Michael W. Clune’s memoir, White Out: The Secret Life of Heroin, chronicles his double life as graduate student / heroin addict in Baltimore in the late 1990s. The book was released this year by Hazelden and received rave reviews from The New Yorker, The Paris Review, and Publisher’s Weekly. We spoke with Michael, now a professor of English at Case Western University, about his unique story.
Phoenix House: You refer to addiction as a “memory disease.” Why?
Michael Clune: In memoirs and in the media, addiction is often represented dramatically and two-dimensionally. Throughout my recovery, the pictures of addiction that emerged really didn’t jive with what my own experience was. So I asked myself, what’s missing from these narratives? I began White Out by writing about the first time I tried heroin, and that led me to realize: what no one had adequately characterized was the way that an addict’s image of the drug never gets old. The image retains its intensity, freshness, and novelty, so that every time you see the drug is like seeing it for the first time. That’s how I began to characterize addiction as a memory disease.
PH: You don’t exemplify the myth/stereotype of the heroin addict as coming from poverty and oppression. How did you end up on the road to addiction?
MC: Junkies aren’t all doomed from the get-go; we know that addiction is a real curse for impoverished areas, but what creates addiction is availability of drugs. They’re in the projects, they’re in the doctors’ offices, and they were there on my friend’s roof that first night. Addiction affects people from all walks of life, people are drawn to drugs for all sorts of reasons. My own addiction wasn’t driven by trauma but rather by good things: a happy childhood, the allure of something new and exciting, a desire for transcendence. That’s the reason I drew parallels in the book between my first experience with heroin and my childhood search for “Candyland.” When I found heroin, I thought I’d found Candyland—a far-off magical place. I was wrong.
PH: What was your reaction to the New Yorker review where the writer clearly saw your book as a love song to drugs?
MC: That was weird. I wanted to tell that writer, “Love the book, not the drug!” On one hand, I was happy because it was such a positive review. On the other hand, it worried me because I had tried to present an image of addiction that was fascinating but terrible. I thought I made it clear that the drug feeling gets pretty crappy pretty quick; it’s only the drug image that remains fresh, and being haunted by that image is awful. It’s a physical, mental, and spiritual slavery. You get sucked in thinking, “Wow, something new and fresh!” But there are so many better, healthier ways to access that newness.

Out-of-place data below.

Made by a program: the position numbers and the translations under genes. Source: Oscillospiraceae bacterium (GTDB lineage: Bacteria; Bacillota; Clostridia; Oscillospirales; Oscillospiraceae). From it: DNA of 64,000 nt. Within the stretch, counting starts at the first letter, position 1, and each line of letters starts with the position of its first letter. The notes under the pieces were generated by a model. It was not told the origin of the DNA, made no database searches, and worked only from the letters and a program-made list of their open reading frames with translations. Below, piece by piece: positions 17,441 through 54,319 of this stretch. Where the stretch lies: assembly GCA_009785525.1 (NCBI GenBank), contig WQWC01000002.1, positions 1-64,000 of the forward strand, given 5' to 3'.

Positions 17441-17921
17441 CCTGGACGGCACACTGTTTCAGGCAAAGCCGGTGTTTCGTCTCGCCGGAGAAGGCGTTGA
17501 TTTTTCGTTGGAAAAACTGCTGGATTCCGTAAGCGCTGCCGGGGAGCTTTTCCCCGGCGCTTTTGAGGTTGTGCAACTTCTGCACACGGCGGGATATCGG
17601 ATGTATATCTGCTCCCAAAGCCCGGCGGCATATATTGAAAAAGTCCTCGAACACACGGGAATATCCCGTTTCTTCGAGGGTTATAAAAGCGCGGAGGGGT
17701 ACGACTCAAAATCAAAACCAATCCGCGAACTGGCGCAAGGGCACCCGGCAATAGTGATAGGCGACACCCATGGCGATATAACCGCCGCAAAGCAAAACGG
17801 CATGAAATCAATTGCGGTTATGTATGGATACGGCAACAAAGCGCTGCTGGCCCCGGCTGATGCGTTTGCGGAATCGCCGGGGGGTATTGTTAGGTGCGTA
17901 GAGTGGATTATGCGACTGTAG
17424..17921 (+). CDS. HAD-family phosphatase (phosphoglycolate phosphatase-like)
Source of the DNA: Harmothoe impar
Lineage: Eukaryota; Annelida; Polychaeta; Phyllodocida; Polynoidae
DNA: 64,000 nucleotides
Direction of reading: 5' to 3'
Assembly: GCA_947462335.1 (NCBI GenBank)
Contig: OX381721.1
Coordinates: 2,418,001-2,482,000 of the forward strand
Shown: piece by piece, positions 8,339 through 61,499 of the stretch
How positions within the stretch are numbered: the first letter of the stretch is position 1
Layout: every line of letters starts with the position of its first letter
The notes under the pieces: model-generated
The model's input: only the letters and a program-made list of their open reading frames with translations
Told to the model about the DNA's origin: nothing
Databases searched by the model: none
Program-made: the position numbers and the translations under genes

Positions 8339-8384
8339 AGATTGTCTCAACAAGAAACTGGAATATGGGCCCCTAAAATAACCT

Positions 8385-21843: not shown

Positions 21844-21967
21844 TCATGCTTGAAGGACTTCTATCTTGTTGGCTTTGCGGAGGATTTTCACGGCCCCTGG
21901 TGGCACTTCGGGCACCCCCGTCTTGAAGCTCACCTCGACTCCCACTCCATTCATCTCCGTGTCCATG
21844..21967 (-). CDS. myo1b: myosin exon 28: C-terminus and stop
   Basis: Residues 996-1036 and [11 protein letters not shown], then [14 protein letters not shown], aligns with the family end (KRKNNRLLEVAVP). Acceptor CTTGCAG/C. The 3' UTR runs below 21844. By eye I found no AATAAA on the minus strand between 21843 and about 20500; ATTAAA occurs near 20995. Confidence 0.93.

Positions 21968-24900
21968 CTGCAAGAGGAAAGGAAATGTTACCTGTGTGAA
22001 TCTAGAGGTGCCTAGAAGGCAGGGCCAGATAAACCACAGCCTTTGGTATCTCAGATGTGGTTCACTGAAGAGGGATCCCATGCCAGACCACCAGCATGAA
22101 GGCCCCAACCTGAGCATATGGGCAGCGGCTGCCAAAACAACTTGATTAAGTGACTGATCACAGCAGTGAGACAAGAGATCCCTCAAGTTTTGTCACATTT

PH: Such as?
MC: Art and literature—the way writers, artists, and musicians all strive to create work that is new and fresh. And also through meditation, which I know you at Phoenix House have written about. It’s a tool that a lot of us use in recovery. It brings you into a zone where something happens to your sense of time—you reach a newness that, for me, was a huge part of the structure of addiction. It’s a sense of escape.
PH: Tell us about your treatment experience. You write an honest account of what seems to have been a difficult but beneficial time for you.
MC: Treatment is complicated, and it’s different for everyone. There’s a part of it that I was reticent about, which was the manic group energy that gets created when you put this random assortment of people together and take them off drugs. But the bottom line was that treatment put me in a place where I a) couldn’t use drugs and b) was given the information I needed about how to stay clean. Treatment gave me the space to get started on my recovery. As I describe in the book, my “light-bulb” moment actually happened when I was totally alone; I went for a walk by myself near the treatment center and experienced a sense of awakening that, for me, was the beginning of something sustainable.
PH: How did opening up about your addiction in such a public way affect you?
MC: I did wait ten years of recovery before writing it, so I was already comfortable about being open. I think it’s important for folks in sustained recovery to speak out, because for far too many people, the only addicts they know are in rehab or jail. People have responded very positively to White Out’s writing and ideas. The only negative feedback I’ve heard has been from people who have very rigid expectations of what recovery literature should look like. They’ll say, “It’s written weird” or “It’s too funny; my addiction wasn’t funny.” But in reality there’s no one story of addiction and recovery. It’s all about getting the wide variety of stories out there.
PH: You raise a great point that the humor in your writing is unusual; how did you manage to make a book on heroin addiction so funny?
MC: It’s just a new way of telling an old story. Dark humor really fascinates me; it’s a coping mechanism I use to deal with stuff. I love its reversibility, because when you get to the darkest moments sometimes you just need to laugh. So much of addiction is ridiculous and absurd. When laughter can arise from that suffering there’s a kind of healing positivity despite everything.
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